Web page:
From the day coders got their first glimpse at ICD-10 codes, the question went out in the land: “Will payers deny unspecified codes?” Recently, a client told me that she was seeing an increase in denials for unspecified codes from payers and I wanted to gather more information about that. Thank you to the 140 people who responded to this survey. Of course, it’s not a scientific random sample. You may have been more likely to answer the survey if you were seeing denials. But, the results are still informative.
Who selects the diagnosis code for encounters in medical practices?
There was a pretty even split between a coder or biller selecting a diagnosis code and a practitioner selecting a diagnosis code. Most respondents, 45%, said that a practitioner selected the code with coder review.
Do you have payers that deny unspecified codes?
This was an overwhelming yes, almost 80%. (Again, you may have been more likely to take the survey if this is true in your group.) When asked what payers denied unspecified codes, based on the survey I would say all of them. But every person didn’t select all payers. Clearly there is a difference in various markets as to which payers are denying unspecified codes. Medicare, Medicare Advantage, Medicaid, managed Medicaid, and commercials were all listed and selected, but not everyone selected all of them.
There were many helpful, insightful comments. All of them were anonymous (so we don’t know who you are and no one else does either).
“There is not a consistent pattern.”
“We have not been seeing denials for unspecified codes.”
“All insurances vary in their denials to the point it is almost impossible to remember each one’s preferred rule.”
“Denials for unspecified codes mostly come from our Medicaid plans. Denials for laterality come from all payers.”
“It seems the number of payers enforcing this practice is on the rise, as we are seeing an increase in denials from multiple commercial payers. It is not just laterality, but also unspecified codes that have no other option.”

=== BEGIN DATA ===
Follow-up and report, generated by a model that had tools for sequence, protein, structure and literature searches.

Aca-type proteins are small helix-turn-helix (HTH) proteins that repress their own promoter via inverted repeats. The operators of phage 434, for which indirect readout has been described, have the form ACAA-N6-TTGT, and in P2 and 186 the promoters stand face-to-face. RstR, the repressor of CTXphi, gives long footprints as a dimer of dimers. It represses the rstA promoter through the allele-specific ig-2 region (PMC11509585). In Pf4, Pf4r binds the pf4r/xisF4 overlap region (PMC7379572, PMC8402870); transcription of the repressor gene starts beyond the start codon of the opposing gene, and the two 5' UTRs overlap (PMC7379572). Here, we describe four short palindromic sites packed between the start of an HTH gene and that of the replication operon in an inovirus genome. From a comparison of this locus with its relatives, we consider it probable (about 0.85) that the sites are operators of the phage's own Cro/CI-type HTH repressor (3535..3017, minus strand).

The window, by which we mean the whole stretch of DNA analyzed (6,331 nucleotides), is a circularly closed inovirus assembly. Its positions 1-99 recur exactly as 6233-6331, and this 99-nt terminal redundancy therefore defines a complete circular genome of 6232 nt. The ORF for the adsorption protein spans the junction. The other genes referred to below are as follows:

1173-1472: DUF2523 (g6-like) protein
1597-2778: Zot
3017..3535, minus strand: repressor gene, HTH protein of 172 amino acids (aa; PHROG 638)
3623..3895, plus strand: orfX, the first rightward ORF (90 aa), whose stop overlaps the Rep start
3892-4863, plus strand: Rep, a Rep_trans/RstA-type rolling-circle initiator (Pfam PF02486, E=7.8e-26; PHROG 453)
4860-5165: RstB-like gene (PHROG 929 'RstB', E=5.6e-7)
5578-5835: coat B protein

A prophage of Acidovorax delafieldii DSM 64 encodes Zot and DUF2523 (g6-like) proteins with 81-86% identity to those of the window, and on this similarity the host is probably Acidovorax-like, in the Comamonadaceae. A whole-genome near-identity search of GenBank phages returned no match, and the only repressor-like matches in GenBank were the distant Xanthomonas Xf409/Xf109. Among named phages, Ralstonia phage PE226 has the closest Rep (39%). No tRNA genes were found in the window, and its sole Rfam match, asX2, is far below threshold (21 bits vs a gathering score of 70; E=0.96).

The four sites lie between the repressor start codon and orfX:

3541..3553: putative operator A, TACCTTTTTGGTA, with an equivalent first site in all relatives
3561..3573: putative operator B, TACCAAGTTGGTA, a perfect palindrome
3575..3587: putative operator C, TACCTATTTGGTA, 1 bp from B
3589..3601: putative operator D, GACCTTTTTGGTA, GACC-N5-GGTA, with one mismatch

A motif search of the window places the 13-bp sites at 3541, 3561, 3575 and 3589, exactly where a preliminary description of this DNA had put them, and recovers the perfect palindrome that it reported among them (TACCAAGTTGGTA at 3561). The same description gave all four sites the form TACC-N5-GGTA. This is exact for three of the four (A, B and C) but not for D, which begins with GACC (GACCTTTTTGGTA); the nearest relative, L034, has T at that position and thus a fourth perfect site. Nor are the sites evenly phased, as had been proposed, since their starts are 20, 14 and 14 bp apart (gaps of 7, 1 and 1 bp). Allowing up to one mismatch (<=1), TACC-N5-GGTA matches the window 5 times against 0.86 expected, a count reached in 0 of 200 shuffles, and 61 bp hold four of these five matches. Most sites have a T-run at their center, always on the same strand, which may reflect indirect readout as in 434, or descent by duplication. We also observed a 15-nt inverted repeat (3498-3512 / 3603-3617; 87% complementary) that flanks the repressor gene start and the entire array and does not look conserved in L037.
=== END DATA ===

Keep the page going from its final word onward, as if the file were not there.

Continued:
“Our supervisor said that if there is no other option or unable to determine a more specific code, go ahead and release the claim and they will deal with the payer after the claim denies.”
“End up doing a reconsideration and submitting medical records explaining that a more specific code is not available.”
Do payers deny if a specific code for laterality is submitted?
A whopping 60% said yes to this question. In the comments, using an unspecified code when right, left, or bilateral are ICD-10 options. This seemed to be the most consistent type of unspecified denial that was described.
One commenter said using an unspecified trimester code caused denials, as well.
Do payers deny unspecified codes for which a more specific code/diagnosis can’t be made at the visit?
40% of respondents said yes, and about 39% said no. For me, this is the most frustrating type of denial. There are instances in which a more specific diagnosis code can’t be made at the time of the visit. For example, J18.9, pneumonia. When a patient is in the office, these are often treated without a sputum sample to know the organism. Pharyngitis and some sinus infections are other examples. Of course, use “fever” and the claim can get paid, but that doesn’t follow ICD-10 rules. We don’t code a symptom of a known condition.
Two comments seemed to indicate that when these are denied and appealed or a reconsideration is asked for, the claim is paid. What a colossal waste of time for everyone.
A member in Vermont said that the state Medicaid plan had a list of unspecified codes that would be denied. And this included these types of denials. After letter writing and complaints, some of those diagnosis codes were removed from the list. Probably easier done in a small state than trying to influence the policies of a large commercial company.
Thank you to all who participated in this survey. I learned from it, and I hope sharing the information is helpful to you.
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